Moms see overweight differently in sons vs. daughters

May 7, 2003 in Nutrition Topics in the News

Moms see overweight differently in sons vs. daughters

One in three mothers is likely to say that their overweight child is "about the right weight," a new study from the Centers for Disease Control and Prevention (CDC) has found. However, daughters are less likely than sons to be seen as slim by Mom, according to the recent study.

In response to the ever-increasing rates of obesity in children, public health experts are interested in how parents perceive weight status among children overweight in kids starts at home. In an effort to understand a mother's perceptions about her child's weight status, the team of researchers calculated the body mass index (BMI) of 5,500 children and asked mothers if they thought their child was underweight, "about the right weight" or overweight.

BMI is a measure of weight in relation to height and is used to gauge obesity. While 67% of mothers correctly identified their overweight child as being overweight, 32% of mothers classified their overweight child as "about the right weight."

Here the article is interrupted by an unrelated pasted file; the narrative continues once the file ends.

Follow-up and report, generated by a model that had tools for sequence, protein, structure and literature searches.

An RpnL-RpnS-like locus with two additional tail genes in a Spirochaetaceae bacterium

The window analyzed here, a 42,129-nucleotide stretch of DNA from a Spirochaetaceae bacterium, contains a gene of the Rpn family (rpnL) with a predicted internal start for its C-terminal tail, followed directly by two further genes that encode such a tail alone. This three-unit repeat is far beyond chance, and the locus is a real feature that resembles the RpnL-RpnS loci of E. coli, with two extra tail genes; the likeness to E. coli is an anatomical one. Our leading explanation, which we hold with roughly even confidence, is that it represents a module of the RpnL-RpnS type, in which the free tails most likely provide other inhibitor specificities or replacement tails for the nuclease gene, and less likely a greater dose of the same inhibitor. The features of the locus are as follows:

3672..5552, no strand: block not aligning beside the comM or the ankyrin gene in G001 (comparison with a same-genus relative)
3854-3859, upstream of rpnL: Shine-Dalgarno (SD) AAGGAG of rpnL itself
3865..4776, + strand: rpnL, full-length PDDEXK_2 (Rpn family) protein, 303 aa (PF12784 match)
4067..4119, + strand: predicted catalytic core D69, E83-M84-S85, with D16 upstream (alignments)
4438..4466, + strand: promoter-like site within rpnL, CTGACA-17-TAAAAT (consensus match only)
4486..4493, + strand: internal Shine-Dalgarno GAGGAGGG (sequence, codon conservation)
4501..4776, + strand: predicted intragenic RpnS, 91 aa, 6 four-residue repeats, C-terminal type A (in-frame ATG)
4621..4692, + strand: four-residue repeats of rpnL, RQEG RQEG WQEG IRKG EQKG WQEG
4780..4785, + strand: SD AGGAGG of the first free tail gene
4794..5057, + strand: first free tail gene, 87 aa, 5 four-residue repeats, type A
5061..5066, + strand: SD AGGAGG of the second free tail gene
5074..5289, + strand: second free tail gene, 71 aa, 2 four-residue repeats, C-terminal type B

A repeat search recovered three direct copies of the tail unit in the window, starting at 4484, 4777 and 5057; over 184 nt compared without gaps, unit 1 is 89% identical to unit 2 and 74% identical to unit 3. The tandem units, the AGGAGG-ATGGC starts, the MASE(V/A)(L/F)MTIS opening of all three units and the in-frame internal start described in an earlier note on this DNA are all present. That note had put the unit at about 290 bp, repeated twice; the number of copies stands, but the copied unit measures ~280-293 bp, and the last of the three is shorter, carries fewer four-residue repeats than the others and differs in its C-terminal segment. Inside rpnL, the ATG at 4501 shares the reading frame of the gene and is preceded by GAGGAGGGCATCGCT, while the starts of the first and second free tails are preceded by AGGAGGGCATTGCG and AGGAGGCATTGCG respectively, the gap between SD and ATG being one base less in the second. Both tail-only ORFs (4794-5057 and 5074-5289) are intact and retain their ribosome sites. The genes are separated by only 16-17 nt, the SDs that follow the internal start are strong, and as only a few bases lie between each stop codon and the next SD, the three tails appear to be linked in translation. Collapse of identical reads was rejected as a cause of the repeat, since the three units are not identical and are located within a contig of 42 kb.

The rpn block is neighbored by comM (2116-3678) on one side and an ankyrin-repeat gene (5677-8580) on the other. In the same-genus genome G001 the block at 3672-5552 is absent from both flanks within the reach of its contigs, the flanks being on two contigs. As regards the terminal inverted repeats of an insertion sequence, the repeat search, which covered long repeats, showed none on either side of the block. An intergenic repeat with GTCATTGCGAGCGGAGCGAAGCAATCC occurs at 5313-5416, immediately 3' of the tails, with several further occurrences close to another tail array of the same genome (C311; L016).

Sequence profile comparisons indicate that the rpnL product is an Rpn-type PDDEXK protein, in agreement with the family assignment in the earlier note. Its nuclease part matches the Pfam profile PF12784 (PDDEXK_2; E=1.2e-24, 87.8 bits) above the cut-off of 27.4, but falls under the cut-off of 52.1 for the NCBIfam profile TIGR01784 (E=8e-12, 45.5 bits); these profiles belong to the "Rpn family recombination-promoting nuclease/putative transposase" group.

Among children who were not overweight, but heavy enough to be considered at risk for overweight, the researchers found that 14% of mom's reported that their sons were overweight, whereas 29% of mothers reported that their daughters were overweight.

The odds that a mother misclassified her at-risk child as "overweight" increased for daughters, older children and for children whose mother had a lower BMI. Just why some mothers don't recognize obesity in their children is unclear based on the current report. However, the scientists speculate that some mothers may genuinely not recognize that their heavy child is overweight, while other mothers are reluctant to admit that her child is fat or may not understand what "overweight" means.

The study found that mothers were nearly three times as likely to classify at-risk daughters as 'overweight' as compared with at-risk sons. While this behavior may lead to better choices of food in the households of daughters, or an increased likelihood of mother's urging daughters to maintain a more healthful weight, sons are clearly held to a different standard, suggesting that sons may get less guidance about eating habits.

Successful campaigns to decrease childhood obesity are not likely to work if parents are not behind the efforts, the authors note. As such, they suggest that pediatricians need to determine whether mothers have an accurate perception about the weight status of their child.

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